Press Releases

Washington, D.C. — U.S. Senator Marco Rubio (R-FL) joined Maria Bartiromo on Mornings with Maria to discuss the crisis at the Southern border, North Korea’s recent missile test, and the need to investigate unidentified aerial phenomena. See below for highlights and watch the full interview here.

On the border crisis: 

 

“First of all, we are seeing the real life consequences of campaign rhetoric and first day policies of a new administration… The message was pretty clear. And that is that...it is going to be easier and more welcoming for people to come into the United States, even if they do so illegally. And that message went out loud and clear. It was perceived by people that way, and it’s driving this crisis, and it’s going to continue to get worse.

 

“The second lesson here is hypocrisy. The same people who demanded access to the facilities, who called it ‘children in cages,’ who were hosting vigils and protests, now... they’re sort of silent about it. I don't see these leading figures on the left out there holding vigils and protests against the administration for doing the exact same things — in many cases, worse — than what they accused the Trump administration of. 

 

“So, hypocrisy and incompetence both in full display.” 

 

On the decision to end the Remain in Mexico policy and stop border wall construction: 

 

“Yeah, again, another example of hypocrisy. Many of the same people who wanted to stop building the [border] wall insisted that they put up a fence with razor wire and the National Guard to protect them here in the Capitol.

 

“But...here’s what’s happening with the [Trump administration’s] policies. [The Biden administration] comes into office, they decide whatever Donald Trump is for, we are going to reverse it, we’re going to be against it, without even looking at whether it makes common sense or not. And the result is almost immediate. I mean, the answer to a lot of these problems is going to be to go back to the Trump policies. But...politically, that becomes untenable for them to do. So they’re in a trap of their own making.” 

 

On North Korea’s recent missile test: 

 

“This is part of the pattern, and I think this was expected. And that is that, you know, in an early administration, doing these sort of missile tests is their messaging… It’s what North Korea’s pattern has always been. And that is, ‘We’re going to go out and take aggressive action to sort of force you to acknowledge us as a nuclear power.’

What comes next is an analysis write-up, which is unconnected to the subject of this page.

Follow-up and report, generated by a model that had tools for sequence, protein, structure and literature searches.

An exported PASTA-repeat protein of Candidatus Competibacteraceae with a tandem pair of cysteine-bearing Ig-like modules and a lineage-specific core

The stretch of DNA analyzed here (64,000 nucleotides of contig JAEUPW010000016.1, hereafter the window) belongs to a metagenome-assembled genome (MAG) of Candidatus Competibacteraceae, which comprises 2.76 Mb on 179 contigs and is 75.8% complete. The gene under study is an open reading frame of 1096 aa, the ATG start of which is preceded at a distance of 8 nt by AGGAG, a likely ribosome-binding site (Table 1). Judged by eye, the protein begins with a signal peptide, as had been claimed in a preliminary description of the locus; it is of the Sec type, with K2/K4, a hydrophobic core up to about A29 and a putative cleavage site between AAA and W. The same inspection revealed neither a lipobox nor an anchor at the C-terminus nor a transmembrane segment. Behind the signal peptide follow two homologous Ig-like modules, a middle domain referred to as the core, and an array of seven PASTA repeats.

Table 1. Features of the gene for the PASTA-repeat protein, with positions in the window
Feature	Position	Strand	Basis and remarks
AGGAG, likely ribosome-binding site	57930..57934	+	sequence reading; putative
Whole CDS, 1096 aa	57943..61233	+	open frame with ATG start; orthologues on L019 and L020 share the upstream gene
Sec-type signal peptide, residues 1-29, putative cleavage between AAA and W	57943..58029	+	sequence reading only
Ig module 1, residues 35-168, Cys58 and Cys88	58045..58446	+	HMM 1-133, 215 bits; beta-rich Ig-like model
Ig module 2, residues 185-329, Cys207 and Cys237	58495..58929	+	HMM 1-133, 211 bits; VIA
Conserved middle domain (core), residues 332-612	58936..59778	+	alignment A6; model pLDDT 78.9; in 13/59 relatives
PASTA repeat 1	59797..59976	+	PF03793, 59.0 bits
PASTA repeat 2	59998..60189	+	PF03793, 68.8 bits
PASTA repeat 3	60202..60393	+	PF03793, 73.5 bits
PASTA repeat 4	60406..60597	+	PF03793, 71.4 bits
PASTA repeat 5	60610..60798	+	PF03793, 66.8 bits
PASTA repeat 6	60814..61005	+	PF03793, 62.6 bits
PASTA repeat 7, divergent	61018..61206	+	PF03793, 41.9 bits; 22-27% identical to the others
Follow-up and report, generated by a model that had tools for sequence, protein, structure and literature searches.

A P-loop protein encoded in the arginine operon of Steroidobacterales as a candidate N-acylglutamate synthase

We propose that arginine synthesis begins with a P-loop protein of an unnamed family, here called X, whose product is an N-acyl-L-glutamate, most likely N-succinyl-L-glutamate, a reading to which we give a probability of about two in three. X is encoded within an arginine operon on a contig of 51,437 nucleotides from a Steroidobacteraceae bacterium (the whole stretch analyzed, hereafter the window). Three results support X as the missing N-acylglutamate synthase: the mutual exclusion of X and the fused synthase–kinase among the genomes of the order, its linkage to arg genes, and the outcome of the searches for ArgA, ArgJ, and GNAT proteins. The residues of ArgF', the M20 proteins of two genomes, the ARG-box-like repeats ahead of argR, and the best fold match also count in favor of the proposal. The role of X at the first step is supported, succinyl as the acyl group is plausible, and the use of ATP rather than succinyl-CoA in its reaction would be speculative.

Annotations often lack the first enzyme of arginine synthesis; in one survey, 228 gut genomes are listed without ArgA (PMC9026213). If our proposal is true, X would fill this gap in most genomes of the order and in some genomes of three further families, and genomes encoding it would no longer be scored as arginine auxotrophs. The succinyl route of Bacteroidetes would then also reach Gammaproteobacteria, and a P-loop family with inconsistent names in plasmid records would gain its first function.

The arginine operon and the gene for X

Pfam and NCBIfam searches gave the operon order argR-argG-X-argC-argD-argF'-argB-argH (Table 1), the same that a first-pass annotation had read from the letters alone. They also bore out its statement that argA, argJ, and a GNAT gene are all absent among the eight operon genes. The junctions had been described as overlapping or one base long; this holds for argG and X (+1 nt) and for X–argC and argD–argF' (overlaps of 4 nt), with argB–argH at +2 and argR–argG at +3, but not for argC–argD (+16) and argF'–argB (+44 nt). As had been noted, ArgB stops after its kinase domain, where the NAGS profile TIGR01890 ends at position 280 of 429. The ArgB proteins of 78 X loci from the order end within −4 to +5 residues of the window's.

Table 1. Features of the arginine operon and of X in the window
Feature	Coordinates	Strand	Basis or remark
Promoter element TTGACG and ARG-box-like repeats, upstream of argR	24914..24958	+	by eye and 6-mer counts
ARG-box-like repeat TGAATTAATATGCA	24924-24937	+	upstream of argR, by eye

“So no doubt it’s a test, it’s not an unexpected one. I think you’ll see more of it in the weeks to come. It’s a very tricky and delicate situation. I thought the Trump administration… had tampered down some of the conflict there, some of the heat surrounding that issue. And obviously, I think it's going to all spark up again with a new administration.”

 

On the need to investigate unidentified aerial phenomena: 

 

“We have things flying over military installations, over military exercises, and other places. And we don’t know what it is. It isn’t ours, it isn’t anything that’s registered to the Federal Aviation Administration (FAA). And, in many cases, it exhibits attributes of…the kinds of technology we haven't seen before. At least that is what it seems like.

 

“I think we have to know what it is, or we have to try to know what it is. That’s my view, without any preconceived notions. Maybe there’s a logical explanation, maybe it’s something that can be explained away, maybe it’s a foreign adversary who’s made a technological leap, as you heard [John Ratcliffe], the former DNI, say. Whatever it is, we need to know the answer to it.

 

“The problem with this issue is every time you raise it, people get all nervous. ‘Oh, does this mean UFOs, and aliens?’ We don't have to go that far. There are things flying over national security installations, we don't know who they are, don't know what it is, it isn't ours. We need to find out.

 

...

 

“I can tell you it’s being taken more seriously now than it ever has been. And look, there’s a stigma associated with this, alright? When a Navy pilot would report that they saw something, they were told that [they] need to go see the flight surgeon, to check out your head, you know, make sure you’re not seeing things. So there’s a stigma associated with reporting it. Even talking to you about it now, people are going to say ‘Look what these people are focused on, when the world is falling apart.’ So there’s a stigma associated with it and that, I think, needs to go away. 

 

“We don't have any preconceived notions about what this is or isn't. We just need to know. Or we need to start trying to know. And I think the first step is to ask the question. If you don’t ask the question, you’re not going to begin to get answers.”